Further afield

Sibilini National Park – Monte Vettore and Lago di Pilato
(time: whole day).

For the energetic, a walk up Monte Vettore is unforgettable. The spectacular view to the east stretches over the Apennine foothills all the way to the glittering streak of the Adriatic and Croatia beyond, and to the west there are layer upon layer of blue hills reaching all the way to Rome. Mind you don’t expect to see either Croatia or Rome – they’re both far too far away!

Nestled in a natural hollow almost on the summit is Lago di Pilato, a tiny lake home to a unique species of tiny coral coloured shrimp that evolved nowhere else on earth – it swims upside-down, tummy up! It can be hot up here but don’t try taking a dip in the lake – the waters are protected and the Park Rangers will drop on you like a ton of bricks.

By the way, you don’t have to climb the peak of Monte Vettore to reach the lake but this excursion does require a reasonable level of fitness.

Sibilini National Park – Gola d’Infernaccio
(time: 3 hours, to one day).

The Gola d’Infernaccio (Throat of Hell) is a spectacular gorge cutting deep into the Sibilini mountains. It’s a stunning forest walk along the banks of the River Tenna, mostly shaded from the sun by beech woods and if you go far enough, rewarded by a breath-taking waterfall.

A curiosity up a side path is San Leonardo Church (perfect place for a picnic lunch). Built by Camaldolesi monks in the 9th century it was abandoned around 1500. In 1960 Padre Pietro, a Cappuccian monk, made this his hermitage and began building his own gothic church – beautiful and simple and surrounded by nature, the church has been his mission for over 40 years and if you are lucky you may meet him working on the church or tending his vegetable patch.

Sibilini National Park – Castelluccio
(time: a long half day).

This attractive frontier town right on the border of Marche and Umbria is set at one end of the Piane Grande, a vast natural basin formed by a glacier. In the winter the town itself is completely cut off by snow and the population shrinks to just six families, but for two or three weeks in early summer it becomes a ‘world famous’ (in Italy) garden paradise of wild flowers. The entire basin is covered in spectacular carpets of reds, blues, yellows and white. Later in the year they cultivate lentils here, highly prized for their unique taste and nutritious contribution to zuppe (soups).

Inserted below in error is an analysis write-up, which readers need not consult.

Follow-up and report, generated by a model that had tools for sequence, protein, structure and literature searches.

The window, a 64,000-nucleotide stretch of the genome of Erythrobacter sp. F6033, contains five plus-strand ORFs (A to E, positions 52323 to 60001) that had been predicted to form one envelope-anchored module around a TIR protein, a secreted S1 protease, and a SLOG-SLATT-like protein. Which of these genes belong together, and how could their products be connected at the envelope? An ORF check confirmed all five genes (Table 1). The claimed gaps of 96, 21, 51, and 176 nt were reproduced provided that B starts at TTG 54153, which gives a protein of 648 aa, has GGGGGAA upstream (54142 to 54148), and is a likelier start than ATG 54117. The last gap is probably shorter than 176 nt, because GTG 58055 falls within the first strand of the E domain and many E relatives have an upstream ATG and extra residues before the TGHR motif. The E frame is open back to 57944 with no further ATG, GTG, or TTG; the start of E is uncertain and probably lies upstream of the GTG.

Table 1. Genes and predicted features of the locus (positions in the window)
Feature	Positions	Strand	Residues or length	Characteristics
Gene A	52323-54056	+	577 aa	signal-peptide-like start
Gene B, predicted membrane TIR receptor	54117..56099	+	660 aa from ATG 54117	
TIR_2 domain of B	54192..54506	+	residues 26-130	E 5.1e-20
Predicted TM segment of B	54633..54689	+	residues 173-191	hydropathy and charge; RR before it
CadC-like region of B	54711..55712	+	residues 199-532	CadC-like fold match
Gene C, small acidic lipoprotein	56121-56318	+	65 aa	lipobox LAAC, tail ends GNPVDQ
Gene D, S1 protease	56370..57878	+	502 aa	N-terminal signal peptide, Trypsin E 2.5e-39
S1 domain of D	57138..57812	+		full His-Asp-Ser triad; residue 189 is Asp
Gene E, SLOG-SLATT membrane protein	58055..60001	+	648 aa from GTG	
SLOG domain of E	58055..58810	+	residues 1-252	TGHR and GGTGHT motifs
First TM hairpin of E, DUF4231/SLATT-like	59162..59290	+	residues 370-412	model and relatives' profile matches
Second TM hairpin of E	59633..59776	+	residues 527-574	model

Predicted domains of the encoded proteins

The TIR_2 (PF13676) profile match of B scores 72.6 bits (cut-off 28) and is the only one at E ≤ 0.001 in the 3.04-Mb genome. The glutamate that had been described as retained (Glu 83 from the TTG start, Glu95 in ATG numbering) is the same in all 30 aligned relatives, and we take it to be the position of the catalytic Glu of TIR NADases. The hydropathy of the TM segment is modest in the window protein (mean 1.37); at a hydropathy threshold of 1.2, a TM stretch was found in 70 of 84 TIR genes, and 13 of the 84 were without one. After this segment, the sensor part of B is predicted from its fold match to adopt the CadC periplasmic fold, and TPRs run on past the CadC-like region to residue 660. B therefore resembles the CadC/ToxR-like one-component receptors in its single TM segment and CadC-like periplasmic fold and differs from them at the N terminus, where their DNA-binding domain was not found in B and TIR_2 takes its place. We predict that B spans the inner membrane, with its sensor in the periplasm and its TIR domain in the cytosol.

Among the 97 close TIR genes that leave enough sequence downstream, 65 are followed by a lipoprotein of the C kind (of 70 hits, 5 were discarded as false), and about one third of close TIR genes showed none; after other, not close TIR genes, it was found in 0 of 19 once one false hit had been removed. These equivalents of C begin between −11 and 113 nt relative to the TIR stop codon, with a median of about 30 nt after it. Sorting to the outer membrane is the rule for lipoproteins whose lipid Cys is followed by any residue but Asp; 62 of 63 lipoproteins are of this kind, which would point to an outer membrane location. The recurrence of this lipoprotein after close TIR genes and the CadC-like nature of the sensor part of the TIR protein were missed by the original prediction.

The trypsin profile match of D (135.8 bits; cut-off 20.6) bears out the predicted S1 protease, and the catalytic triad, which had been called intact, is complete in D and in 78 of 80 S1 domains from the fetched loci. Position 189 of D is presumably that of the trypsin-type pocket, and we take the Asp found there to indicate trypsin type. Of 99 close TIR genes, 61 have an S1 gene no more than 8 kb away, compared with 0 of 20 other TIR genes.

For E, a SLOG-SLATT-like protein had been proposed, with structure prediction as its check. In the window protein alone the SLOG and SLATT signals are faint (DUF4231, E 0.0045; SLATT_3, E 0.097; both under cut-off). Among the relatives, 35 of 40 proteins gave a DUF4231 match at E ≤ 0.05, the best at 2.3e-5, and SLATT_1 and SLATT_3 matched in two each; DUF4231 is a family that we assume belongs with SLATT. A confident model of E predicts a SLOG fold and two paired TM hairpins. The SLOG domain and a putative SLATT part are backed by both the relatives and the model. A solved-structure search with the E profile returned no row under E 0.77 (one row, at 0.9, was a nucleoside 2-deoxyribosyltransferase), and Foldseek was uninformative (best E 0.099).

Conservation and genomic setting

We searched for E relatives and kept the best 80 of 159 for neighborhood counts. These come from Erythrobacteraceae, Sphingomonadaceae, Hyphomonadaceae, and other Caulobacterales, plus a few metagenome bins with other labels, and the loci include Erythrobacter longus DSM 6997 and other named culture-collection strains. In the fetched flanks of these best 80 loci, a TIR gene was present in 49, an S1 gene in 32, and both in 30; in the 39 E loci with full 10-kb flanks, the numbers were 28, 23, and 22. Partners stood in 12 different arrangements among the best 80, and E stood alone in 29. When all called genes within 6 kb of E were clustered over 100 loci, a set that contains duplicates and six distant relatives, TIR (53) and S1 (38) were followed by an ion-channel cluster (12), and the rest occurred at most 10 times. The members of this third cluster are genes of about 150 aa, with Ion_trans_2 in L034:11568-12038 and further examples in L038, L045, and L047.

This is high mountain country which you can enjoy without stepping out of the car, though a picnic on the slopes or a stroll around Castellccio will make it even more enjoyable.

Although it is possible to get to Castelluccio and back in half a day, the whole trip is so wonderfully scenic, much better is to saturate yourself in a whole day of unforgettable views, making a round trip via the ski fields of Bolognola (no snow in summer!)

Adriatic coast / beaches
(time: minimum half day).

You will find yourself spoilt for beaches. The nearest, at Pedaso (40 kms), is a small pebble beach sporting Il Faro – an excellent seafood restaurant. It’s much less crowded than the more popular sandy resorts of Porto San Giorgio a little up the coast to the north, or the famous major resort of San Benedetto del Tronto to the south. Both resorts are very popular in high summer, their beaches littered with bathing beauties topping up their tans on the golden sands or taking cover from the sun in the countless beachside cafes and restaurants.

If beautiful secluded rocky beaches and coves are more to your liking, it’s worth the extra 30 minutes it takes to travel a little further up the coast to Monte Conero near Ancona.

Note that many beachside cafes and restaurants only open in the summer season.